With the start of spring right around the corner, we asked Doris Taylor, plant clinic manager at The Morton Arboretum in Lisle, for some tips about trees we can plant that will provide beautiful blooms next spring. Here's what she had to say ...

1. Redbud

In April and May, this Chicago native produces bright purplish-pink flowers that line dark branches before its leaves open. Redbuds work especially well among evergreens that contrast with its color and shelter it from intense sunlight. This tree prefers moist, well-drained soil.

2. Pagoda dogwood

In late spring, this small tree shows off clusters of fragrant white flowers. Pagoda dogwoods make for a great addition to a garden space that gets partial shade. Green foliage in summer turns a beautiful burgundy-red in fall. The tree also sports blue-black berries that attract many different species of birds. The pagoda dogwood is also a favorite of butterflies.

3. Saucer magnolia

The saucer magnolia is known for its beautiful white and pink goblet-shaped flowers. A small- to medium-sized tree, the saucer magnolia needs full sun to partial sun and well-drained, slightly acidic soil. Its flowers are delicate so homeowners should avoid windy sites.

4. Japanese flowering crabapple

The Japanese flowering crabapple features showy, bright pink buds that open to fragrant white flowers in the spring. Crabapples are adaptable to most soil conditions, but prefer full sun in moist, well-drained soil. This small tree has shown good resistance to Japanese beetles.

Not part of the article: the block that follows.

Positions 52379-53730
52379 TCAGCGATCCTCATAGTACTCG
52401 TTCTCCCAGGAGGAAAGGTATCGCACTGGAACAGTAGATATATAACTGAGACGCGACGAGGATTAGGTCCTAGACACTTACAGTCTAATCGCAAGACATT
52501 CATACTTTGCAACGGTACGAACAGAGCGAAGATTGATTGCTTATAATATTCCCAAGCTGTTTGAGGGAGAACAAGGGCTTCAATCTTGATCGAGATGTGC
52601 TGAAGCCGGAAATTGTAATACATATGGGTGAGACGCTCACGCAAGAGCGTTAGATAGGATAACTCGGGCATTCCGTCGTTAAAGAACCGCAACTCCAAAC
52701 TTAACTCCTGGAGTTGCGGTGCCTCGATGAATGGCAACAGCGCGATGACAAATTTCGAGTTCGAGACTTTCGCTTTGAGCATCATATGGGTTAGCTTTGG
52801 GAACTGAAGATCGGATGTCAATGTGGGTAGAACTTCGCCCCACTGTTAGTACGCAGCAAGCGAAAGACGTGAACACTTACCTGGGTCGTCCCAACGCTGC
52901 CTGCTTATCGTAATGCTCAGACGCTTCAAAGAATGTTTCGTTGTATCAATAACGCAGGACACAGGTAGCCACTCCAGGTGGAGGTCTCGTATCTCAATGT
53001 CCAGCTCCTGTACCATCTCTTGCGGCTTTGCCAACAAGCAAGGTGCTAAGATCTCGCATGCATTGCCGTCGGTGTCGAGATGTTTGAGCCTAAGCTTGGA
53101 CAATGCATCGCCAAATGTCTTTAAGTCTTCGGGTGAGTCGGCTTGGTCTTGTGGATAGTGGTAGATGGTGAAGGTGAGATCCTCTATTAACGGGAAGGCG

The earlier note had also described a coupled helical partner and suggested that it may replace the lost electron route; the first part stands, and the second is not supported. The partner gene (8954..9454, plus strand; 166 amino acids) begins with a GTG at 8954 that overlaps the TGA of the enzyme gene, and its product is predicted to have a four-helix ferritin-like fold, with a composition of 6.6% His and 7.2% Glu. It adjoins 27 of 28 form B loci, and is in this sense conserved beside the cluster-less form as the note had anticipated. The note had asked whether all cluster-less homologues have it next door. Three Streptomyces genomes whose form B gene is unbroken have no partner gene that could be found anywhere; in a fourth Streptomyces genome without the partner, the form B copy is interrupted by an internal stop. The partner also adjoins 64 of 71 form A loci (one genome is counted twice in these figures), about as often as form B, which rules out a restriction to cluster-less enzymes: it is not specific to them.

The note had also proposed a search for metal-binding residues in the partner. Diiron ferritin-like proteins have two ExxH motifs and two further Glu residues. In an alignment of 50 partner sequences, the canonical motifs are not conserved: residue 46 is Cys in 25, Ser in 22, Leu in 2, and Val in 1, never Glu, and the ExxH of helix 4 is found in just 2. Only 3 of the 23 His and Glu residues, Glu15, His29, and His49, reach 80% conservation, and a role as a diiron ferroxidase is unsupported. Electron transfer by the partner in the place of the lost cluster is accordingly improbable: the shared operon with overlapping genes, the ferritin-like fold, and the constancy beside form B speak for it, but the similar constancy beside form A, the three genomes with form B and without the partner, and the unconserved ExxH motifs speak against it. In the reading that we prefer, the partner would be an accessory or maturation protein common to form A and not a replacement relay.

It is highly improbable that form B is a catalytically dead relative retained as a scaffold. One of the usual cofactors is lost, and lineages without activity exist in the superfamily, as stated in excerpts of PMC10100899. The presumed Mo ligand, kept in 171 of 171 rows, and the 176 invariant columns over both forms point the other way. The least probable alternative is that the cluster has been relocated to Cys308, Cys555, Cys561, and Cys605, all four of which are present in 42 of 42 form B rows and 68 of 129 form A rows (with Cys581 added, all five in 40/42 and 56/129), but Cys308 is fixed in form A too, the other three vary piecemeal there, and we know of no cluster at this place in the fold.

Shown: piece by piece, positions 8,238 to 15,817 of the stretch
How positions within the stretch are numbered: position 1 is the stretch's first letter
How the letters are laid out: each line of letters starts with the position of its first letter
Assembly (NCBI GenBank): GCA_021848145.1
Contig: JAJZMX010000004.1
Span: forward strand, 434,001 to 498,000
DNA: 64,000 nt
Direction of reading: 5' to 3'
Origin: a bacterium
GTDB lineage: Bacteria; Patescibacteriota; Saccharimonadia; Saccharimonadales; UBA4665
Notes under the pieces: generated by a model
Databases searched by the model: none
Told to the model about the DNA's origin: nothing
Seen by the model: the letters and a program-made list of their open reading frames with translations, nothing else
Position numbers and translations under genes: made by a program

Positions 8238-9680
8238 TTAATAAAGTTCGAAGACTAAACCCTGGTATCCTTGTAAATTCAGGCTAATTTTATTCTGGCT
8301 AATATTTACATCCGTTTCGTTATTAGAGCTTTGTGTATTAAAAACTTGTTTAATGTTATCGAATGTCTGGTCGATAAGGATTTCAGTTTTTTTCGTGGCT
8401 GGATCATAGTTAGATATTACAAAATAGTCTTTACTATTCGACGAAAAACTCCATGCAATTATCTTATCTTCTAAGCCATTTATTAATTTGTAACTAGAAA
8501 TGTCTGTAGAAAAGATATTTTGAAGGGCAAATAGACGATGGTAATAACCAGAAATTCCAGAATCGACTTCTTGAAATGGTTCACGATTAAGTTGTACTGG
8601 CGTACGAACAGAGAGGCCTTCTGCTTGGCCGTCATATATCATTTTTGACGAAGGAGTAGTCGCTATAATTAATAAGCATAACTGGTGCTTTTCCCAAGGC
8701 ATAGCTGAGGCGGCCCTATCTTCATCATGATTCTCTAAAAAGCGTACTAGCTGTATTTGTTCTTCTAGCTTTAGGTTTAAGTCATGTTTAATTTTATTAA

5. White fringetree

The white fringetree's most exceptional feature is its fragrant, strap-like white flowers that bloom in late May to early June. Also known as old man's beard, this tree prefers full to partial sun and acidic soil. The fringe tree seldom needs pruning.

A red buckeye is a neatly rounded, multi-stemmed tree that sports upright clusters of crimson-red flowers. Daily Herald file photo
6. Red buckeye

A red buckeye is a neatly rounded, multi-stemmed tree that sports upright clusters of crimson-red flowers. This tree prefers partial shade but can tolerate full sun with adequate moisture. The tree gets its name from a small, dark brown nut that resembles the eye of a deer. The flowers attract butterflies and birds.

A Japanese tree lilac attracts the attention of insect pollinators as well as butterflies and hummingbirds. Daily Herald file photo
7. Japanese tree lilac

Large clusters of small creamy-white fragrant flowers that bloom later in the spring are the standout feature of the Japanese tree lilac. This small- to medium-sized tree is best in full sun and attracts the attention of insect pollinators as well as butterflies and hummingbirds.